On Aeropress and the Coffee Shot

Aeropress from aboveNo, my friend, your beloved moka does not make espresso.  What it makes is something akin to a coffee shot, but with more fuss (that, I’ll admit, I sometimes enjoy).  Although I’ve been a fan of brewing coffee on a moka in the past — so much so that I bought the commemorative moka alpina while in Italy — I’ve found a new love: the aeropress.

The aeropress is a funny looking contraption that looks and sounds more impressive than it is.  It’s a three piece plastic brewing device that can be used in a variety of ways.  There’s a brewing chamber, where you dump your coffee; a plastic tube that you use to push the coffee down; and a filter basket that attaches to the bottom of the brewing chamber.  Your aeropress also comes with a paddle for stirring, a coffee scoop and a set of paper filters.

An aeropress isn’t the exclusive way to make a coffee shot and can make more than just a coffee shot.  For us brewing at home, it’s the most convenient, cheapest and hassle-free method.  What is a coffee shot and why would you want it?  A coffee shot is a short amount of coffee that’s been extracted with pressure, like espresso.  It has a denser texture and a more potent flavor than you would from a pour over.  Yet, it is distinctly more like brewed coffee than a normal shot.  In the definitive guide from Mahlkönig, it means a coffee that has been extracted for a super long time on an espresso machine (in which case it would be classified as a type of espresso, like a caffè lungo).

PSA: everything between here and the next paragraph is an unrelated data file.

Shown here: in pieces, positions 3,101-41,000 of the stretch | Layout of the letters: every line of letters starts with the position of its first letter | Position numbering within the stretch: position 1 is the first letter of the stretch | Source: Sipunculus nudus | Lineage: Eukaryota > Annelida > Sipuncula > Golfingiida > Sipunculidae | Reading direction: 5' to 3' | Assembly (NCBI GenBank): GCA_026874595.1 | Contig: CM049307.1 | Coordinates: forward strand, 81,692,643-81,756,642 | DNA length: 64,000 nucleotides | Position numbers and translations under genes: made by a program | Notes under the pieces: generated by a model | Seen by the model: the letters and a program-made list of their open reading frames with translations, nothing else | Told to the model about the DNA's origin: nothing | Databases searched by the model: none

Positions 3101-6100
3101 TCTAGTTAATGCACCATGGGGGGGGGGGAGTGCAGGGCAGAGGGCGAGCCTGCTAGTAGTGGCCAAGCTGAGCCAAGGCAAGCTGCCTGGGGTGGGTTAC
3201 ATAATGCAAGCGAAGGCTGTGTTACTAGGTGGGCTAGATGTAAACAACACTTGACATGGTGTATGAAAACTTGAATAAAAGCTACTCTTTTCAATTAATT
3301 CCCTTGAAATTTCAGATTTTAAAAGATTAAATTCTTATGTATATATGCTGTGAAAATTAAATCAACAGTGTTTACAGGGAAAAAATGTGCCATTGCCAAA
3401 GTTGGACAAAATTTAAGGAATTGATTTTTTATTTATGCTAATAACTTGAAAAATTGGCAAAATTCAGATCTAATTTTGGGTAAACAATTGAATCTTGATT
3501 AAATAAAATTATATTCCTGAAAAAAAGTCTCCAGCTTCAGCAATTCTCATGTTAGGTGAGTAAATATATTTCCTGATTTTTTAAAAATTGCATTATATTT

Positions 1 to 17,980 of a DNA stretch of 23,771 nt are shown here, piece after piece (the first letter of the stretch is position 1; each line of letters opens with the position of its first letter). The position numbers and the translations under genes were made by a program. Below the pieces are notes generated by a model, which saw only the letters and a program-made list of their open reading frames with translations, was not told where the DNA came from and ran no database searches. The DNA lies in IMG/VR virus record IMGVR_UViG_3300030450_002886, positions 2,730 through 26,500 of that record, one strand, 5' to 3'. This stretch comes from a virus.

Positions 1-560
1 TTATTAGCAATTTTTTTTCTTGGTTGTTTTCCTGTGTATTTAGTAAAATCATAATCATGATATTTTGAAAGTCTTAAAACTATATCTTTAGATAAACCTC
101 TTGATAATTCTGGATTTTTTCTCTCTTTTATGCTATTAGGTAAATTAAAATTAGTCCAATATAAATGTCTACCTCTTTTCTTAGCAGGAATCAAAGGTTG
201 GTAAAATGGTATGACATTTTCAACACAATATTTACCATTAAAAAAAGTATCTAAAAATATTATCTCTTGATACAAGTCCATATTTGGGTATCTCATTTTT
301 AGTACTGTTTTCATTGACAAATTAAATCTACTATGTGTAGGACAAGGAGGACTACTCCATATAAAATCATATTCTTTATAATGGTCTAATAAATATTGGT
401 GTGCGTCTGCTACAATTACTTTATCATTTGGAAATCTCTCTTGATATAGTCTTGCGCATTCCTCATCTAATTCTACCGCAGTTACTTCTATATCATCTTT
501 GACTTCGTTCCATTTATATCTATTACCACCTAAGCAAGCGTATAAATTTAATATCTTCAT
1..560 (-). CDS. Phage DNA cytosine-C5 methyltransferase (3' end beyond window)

Aeropress coffee

For those who happily alternate between filter and espresso brewed coffee, this may be a strange idea.  After all, the coffee shot doesn’t appear to fit a distinct market niche — unless that niche is coffee nerds.  Once you taste the version brewed on aeropress, I have a feeling you’ll understand its appeal.

The best aeropress method for this style of coffee is from The Coffee Collective in Copenhagen, you can find a pictorial guide from Stumptown.  While turning the brewing chamber upside down may seem dicey, you get the hang of it after one or two tries.  The resulting coffee is full-flavored and bold, depending on the beans you used.  If you want, you can add more water or a bit more milk.  My favorite way to drink coffee brewed in this way is to put it in a demitasse and top it off with a little milk.  It ends up tasting like a homemade noisette.

Coffee is moving fast guys!  There are new brewing methods constantly in development — check out this crazy coffee machine — that produce deliciously diverse drinks.  While I’ll always have a spot in my heart for a classic pour-over or fiddly moka, I’m smitten with the new brewing experience the aeropress offers.  I have a feeling you will be too!

Have you tried aeropress?  Would you?


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